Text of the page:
# Dipole Antenna - Effective Area

1. Apr 29, 2012

### Axis001

1. The problem statement, all variables and given/known data

Determine the effective area (Aeff) for a short dipole with L = λ/60 and λ/2 dipole. If the wires used for dipoles has radii a = 1 cm compare Aeff with the physical area.

G(short dipole) = 1.5
G(half wave dipole) = 1.64

2. Relevant equations

Aeff = G* λ2/4*pi

3. The attempt at a solution

Aeff = 1.64* λ2/4*pi = L2/pi * 1.64 = 0.052L2

Aphysical = pi*(a2 + a*L) = pi*10-4 + 1*10-2*L

What is confusing me is that I cannot seem to get a numerical answer for this problem even though it is apparently possible. I'm sure I just keep over looking something simple and making this easy problem harder than it has to be.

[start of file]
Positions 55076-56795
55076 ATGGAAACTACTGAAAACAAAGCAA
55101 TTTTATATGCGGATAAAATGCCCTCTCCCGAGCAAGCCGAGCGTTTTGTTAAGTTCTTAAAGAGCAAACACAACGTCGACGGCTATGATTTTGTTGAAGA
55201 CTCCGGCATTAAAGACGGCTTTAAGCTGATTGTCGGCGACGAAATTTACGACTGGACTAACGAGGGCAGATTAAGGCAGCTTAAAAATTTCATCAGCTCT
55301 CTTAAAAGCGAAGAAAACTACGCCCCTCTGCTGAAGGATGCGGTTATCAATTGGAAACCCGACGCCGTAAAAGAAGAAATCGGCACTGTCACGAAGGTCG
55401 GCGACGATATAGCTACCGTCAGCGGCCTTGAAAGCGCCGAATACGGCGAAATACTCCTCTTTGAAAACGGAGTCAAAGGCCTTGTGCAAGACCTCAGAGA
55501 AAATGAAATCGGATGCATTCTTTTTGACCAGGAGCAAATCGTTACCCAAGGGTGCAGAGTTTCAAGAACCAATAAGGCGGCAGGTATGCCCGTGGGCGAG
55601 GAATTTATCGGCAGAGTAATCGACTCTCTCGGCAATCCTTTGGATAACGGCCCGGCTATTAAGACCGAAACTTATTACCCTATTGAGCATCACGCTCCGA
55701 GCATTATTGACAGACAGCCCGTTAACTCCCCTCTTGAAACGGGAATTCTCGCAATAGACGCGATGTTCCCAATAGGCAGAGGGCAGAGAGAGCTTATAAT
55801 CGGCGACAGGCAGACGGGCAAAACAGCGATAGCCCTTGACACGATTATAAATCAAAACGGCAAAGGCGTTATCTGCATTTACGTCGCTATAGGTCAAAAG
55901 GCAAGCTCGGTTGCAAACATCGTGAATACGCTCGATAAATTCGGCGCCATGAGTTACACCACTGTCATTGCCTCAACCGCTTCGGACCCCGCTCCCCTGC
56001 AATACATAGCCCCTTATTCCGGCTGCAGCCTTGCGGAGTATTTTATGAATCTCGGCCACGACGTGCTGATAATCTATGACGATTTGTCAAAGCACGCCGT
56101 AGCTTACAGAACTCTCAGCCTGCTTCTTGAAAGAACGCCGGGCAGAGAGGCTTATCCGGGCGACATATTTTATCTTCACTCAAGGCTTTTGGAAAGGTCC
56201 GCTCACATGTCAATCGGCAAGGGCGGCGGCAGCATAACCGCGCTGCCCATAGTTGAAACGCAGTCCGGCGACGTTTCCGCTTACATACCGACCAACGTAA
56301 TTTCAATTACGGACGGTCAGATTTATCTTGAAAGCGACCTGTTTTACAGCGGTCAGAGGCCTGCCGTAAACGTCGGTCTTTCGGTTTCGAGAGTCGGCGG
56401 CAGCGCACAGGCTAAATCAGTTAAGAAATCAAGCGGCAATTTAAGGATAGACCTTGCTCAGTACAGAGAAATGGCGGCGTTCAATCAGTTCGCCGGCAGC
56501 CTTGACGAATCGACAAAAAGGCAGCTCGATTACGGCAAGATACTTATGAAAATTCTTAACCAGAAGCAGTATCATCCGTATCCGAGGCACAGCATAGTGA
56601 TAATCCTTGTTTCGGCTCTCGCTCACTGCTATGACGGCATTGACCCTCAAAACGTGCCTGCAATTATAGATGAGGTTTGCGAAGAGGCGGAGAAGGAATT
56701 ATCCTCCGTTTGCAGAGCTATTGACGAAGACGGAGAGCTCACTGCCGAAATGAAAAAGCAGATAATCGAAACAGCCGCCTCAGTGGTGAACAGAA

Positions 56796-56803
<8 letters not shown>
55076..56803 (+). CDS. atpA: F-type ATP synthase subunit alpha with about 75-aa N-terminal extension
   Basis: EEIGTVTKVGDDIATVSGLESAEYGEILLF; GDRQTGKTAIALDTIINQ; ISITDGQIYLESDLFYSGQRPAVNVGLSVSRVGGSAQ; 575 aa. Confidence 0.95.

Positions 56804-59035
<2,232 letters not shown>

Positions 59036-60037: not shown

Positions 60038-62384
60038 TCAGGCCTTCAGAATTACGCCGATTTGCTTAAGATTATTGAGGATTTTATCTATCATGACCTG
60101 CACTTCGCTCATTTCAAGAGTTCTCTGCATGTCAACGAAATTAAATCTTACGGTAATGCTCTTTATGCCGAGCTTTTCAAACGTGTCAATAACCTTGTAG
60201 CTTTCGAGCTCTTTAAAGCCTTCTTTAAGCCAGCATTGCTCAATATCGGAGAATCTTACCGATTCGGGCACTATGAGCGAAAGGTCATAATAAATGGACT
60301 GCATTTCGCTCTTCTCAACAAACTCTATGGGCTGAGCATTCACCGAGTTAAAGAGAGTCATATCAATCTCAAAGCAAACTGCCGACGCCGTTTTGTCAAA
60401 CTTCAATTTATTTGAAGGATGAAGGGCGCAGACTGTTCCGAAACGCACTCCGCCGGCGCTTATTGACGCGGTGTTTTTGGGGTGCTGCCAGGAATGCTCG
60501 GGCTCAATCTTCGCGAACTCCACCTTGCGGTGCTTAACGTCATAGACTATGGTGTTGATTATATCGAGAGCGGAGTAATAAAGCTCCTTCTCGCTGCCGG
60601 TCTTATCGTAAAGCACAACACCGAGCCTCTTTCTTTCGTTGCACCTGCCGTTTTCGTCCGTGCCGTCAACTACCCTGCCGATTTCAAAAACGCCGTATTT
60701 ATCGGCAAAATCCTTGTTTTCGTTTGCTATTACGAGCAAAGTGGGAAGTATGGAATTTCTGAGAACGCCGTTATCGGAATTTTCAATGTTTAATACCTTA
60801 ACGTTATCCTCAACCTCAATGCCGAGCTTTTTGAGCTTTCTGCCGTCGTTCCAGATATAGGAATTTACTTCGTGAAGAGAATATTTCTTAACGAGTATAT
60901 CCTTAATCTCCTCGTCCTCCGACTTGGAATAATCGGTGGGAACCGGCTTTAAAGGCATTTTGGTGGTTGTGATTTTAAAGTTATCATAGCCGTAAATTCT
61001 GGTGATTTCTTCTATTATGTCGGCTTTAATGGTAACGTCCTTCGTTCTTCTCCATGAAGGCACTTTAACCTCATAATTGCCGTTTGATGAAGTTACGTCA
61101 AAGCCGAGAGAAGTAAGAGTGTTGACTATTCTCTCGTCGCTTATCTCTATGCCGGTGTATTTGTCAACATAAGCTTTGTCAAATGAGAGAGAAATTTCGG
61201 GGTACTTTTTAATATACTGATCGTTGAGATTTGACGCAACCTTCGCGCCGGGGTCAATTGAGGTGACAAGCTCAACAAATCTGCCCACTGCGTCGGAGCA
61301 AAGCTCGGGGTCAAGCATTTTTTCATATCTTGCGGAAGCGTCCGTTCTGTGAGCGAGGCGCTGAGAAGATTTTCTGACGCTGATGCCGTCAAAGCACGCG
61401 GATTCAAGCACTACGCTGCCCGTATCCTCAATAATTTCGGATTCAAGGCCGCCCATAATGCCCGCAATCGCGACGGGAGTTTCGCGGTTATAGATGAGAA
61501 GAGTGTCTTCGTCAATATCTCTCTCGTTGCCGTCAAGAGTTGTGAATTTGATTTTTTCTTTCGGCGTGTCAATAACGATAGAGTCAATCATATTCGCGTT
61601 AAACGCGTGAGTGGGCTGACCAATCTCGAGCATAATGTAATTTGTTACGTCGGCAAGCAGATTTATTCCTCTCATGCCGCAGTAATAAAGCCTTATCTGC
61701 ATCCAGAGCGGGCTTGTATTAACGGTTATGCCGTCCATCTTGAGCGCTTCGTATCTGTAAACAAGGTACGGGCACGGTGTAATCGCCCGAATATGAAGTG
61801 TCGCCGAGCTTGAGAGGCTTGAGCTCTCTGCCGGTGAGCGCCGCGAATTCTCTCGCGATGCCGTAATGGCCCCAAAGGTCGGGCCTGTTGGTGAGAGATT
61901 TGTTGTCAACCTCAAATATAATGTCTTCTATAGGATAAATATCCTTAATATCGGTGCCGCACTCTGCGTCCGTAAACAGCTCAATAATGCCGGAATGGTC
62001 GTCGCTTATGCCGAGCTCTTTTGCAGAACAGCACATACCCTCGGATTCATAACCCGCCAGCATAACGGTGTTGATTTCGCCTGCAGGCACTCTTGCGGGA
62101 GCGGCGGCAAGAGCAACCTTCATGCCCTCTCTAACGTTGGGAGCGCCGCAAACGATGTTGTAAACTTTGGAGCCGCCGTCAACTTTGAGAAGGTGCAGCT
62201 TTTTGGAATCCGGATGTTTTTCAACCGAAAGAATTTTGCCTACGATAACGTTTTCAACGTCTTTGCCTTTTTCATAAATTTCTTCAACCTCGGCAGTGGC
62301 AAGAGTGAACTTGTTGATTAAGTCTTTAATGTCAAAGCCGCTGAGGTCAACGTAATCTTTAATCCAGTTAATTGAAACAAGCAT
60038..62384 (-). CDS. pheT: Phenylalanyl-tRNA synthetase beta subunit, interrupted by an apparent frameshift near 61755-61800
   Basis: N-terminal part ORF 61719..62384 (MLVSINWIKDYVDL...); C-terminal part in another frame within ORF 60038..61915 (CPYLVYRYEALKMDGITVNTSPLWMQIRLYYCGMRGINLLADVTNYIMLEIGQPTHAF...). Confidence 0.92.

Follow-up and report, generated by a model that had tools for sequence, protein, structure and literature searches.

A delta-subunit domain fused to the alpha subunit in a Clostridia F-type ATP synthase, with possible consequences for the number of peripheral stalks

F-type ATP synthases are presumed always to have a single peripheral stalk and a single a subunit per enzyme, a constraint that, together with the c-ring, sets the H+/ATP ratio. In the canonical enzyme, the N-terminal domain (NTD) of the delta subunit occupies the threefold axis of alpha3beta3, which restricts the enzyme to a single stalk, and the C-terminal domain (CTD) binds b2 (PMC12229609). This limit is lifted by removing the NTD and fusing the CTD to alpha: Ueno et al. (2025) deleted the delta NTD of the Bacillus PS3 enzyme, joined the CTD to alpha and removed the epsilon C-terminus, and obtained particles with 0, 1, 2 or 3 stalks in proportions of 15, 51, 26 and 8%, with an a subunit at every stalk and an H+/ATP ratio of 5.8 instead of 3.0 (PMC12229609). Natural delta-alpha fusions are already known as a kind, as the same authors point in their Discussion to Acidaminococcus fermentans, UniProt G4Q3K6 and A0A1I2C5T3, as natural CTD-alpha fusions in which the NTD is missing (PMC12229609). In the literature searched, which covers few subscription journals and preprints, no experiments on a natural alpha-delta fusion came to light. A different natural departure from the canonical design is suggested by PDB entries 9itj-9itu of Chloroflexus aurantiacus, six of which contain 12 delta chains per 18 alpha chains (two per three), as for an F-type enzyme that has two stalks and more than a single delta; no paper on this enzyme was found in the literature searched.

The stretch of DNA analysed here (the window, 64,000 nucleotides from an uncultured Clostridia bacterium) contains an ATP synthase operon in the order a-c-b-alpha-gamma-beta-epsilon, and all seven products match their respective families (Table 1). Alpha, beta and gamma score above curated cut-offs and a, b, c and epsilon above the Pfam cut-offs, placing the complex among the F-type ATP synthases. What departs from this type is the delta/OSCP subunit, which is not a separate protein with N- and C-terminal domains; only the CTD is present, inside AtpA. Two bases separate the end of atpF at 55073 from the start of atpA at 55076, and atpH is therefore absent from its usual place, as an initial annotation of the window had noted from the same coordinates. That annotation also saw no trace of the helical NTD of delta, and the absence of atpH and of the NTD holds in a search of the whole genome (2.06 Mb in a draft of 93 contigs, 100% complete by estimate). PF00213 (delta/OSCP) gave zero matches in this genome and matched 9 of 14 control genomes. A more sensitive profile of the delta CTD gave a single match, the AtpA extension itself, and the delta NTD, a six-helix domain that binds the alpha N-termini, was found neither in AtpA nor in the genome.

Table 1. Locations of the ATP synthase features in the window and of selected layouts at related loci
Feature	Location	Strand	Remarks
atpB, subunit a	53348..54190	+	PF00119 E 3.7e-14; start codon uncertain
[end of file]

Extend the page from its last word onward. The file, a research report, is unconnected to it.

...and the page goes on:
2. Apr 30, 2012

### rude man

All your formulas are correct. You need the actual value of λ to get a numerical answer for the effective areas for both antennas.

Interestingly, the actual effective area of the λ/60 dipole is practically speaking not a function of L. Since the gain is 1.5, that makes the effective area not much less than that of the half-wave one! (However, the short dipole has a teeny-tiny radiation resistance, going as (L/λ)2., making it more or les useless.)

3. Apr 30, 2012

### Axis001

That is what is baffling me is there is no provided value for wavelength but my professor insists that a numerical value is possible. Since the two areas should be equivalent I set up a polynomial equation with them and got a L of 0.1135 m. But when I solve for the areas I get 4.1077 x 10^-3 m for effective area and 3.9 x 10 -3 m for the physical area. The fact that they are so close makes since but the area values seems far to small.

4. Apr 30, 2012

### rude man

Is the wording exactly what you posted? The wording is not in good English ...
"Determine the effective area (Aeff) for a short dipole with L = λ/60 and λ/2 dipole".
Other than that I'm baffled too!